Feeling the urge to merge? Read this first.
When we hear the term business merger, it can bring up visions of tons of attorneys hashing out complex plans in a giant boardroom.
But mergers aren’t just for big business. There are plenty of reasons small businesses might choose to consider one.
Today, we’ll look at a few reasons you might consider a merger and how complex that effort might be.
Understanding Business Mergers
A business merger is when two companies, usually of relatively equal size, mutually agree to combine and make a new legal business entity.
But the question remains: Why would two entrepreneurs give up their autonomy to go through such a complex process?
First, let’s talk about the complexity and then go over some of the reasons.
How complex are small business mergers?
The mushy but true answer is it depends. You’d be hard-pressed to find a business attorney or CPA who will tell you it’s a simple process.
However, the degree of complexity mostly depends on the nature of the business. And while complexity varies from business to business, there are some common hurdles every merger must clear.
The financial health of both companies, their legal structures, and their goals and objectives for the merger are two of the most significant issues in a merger. So, due diligence in these areas is primary.
Even after these areas are checked out, there are still employee and cultural considerations to overcome. Mergers mean change, and change makes employees nervous. Adding to the uncertainty is that communication about mergers is often hindered due to legal concerns.
Oh, and don’t forget the tax implications. These can derail a merger process quickly, too.
All that being said, there are still valid reasons small businesses may seek a merger. Let’s see if any of these resonate with you.
Succession and exit strategies
Mergers can be a viable method, albeit long-term, form of business succession plan.
For example, an older business owner may merge companies with a younger entrepreneur he or she is mentoring. Once the merger is complete and the finances and culture of the two entities have gelled, then plans can be made for the younger owner to buy out the older one.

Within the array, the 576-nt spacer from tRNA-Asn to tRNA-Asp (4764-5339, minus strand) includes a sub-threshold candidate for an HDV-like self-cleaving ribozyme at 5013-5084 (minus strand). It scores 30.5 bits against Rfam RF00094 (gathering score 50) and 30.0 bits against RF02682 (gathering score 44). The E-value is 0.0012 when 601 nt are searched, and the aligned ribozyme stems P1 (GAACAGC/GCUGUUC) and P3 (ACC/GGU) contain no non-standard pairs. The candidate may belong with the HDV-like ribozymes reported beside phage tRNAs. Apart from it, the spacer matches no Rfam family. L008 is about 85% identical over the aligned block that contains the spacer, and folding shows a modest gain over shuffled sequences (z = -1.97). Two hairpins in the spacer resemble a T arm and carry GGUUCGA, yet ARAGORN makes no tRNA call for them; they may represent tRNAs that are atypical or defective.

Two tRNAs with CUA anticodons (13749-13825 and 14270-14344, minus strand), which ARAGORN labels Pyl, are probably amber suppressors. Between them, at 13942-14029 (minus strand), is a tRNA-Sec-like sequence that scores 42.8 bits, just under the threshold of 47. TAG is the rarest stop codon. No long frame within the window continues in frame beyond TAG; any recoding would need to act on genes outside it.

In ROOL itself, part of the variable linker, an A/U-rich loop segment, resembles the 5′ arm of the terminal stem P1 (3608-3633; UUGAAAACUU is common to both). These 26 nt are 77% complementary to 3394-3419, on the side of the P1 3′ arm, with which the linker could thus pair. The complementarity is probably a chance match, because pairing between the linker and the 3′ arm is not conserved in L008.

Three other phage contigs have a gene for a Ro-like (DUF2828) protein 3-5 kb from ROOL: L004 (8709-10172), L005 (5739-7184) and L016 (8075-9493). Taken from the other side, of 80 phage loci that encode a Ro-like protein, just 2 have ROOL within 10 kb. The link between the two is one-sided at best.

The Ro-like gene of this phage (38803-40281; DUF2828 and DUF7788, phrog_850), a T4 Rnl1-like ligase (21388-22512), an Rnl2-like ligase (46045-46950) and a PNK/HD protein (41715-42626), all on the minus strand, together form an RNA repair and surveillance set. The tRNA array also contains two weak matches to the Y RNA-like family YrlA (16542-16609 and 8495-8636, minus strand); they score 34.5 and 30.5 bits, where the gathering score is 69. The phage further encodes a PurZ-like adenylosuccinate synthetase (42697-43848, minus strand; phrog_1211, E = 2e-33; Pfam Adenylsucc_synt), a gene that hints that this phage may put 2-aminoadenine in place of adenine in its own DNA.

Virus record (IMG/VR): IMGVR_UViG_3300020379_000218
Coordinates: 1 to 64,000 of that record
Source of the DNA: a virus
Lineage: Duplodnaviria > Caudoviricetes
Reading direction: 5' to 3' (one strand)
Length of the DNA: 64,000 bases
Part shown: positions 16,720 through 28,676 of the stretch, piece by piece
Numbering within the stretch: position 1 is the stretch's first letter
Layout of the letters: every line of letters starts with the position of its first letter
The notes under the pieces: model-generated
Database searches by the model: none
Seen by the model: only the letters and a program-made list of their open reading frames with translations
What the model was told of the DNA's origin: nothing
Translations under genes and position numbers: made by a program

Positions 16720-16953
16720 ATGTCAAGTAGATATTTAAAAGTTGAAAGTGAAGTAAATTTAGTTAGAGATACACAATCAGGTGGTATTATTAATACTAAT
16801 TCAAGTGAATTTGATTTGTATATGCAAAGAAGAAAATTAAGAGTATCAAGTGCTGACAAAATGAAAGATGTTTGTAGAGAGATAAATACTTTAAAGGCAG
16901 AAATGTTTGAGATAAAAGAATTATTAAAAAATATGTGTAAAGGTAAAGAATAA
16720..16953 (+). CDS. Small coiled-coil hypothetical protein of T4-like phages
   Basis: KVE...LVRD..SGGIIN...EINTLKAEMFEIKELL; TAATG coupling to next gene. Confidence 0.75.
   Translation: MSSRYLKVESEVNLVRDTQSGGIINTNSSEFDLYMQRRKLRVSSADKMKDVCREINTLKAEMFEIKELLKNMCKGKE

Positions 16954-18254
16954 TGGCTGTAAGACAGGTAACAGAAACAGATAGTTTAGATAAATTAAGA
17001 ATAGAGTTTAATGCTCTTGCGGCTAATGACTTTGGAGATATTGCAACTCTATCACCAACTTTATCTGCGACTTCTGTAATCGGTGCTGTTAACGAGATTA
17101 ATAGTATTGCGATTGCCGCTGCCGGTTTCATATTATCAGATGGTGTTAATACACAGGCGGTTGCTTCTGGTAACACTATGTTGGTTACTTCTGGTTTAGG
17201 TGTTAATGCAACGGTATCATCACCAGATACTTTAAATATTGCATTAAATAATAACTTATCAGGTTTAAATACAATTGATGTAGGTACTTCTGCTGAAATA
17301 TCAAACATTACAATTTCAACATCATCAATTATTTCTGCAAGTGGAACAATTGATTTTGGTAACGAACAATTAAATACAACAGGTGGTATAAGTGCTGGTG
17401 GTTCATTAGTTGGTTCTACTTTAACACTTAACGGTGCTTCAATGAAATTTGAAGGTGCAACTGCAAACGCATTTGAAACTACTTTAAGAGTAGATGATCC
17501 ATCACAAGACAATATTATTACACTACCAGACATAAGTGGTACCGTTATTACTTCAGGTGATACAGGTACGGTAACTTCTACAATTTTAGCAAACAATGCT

This can happen in specialized industries. For example, a marketing agency that specializes in Search Engine Optimization and one that specializes in digital marketing may merge. This may be easier than simultaneously trying to acquire new talent and learning the intricacies of a new field.
By merging existing talent in profitable areas with very little overlap, two companies can mitigate two of the biggest merger headaches: finances and culture.
New markets and clients
The two agencies in our previous example could also pool their client bases. Often clients using separate companies need both of their services. So, a merger adds a level of convenience for the client and may add more revenue for the new business.
There may even be the opportunity to expand to different markets. One of the agencies may have clients in a location the other didn’t. Also, each company may have a niche market that can complement or add existing clients.
In the example of our agencies, one may specialize in business-to-business accounts while the other may have worked exclusively in the business to consumer areas. With a merger, they can potentially enjoy both.
The bottom line
Mergers are rarely simple, but they can be a very lucrative business move. If you’re considering one, speak with your business attorney and CPA. They will be able to discuss the intricacies of a merger with you so you can make an informed decision.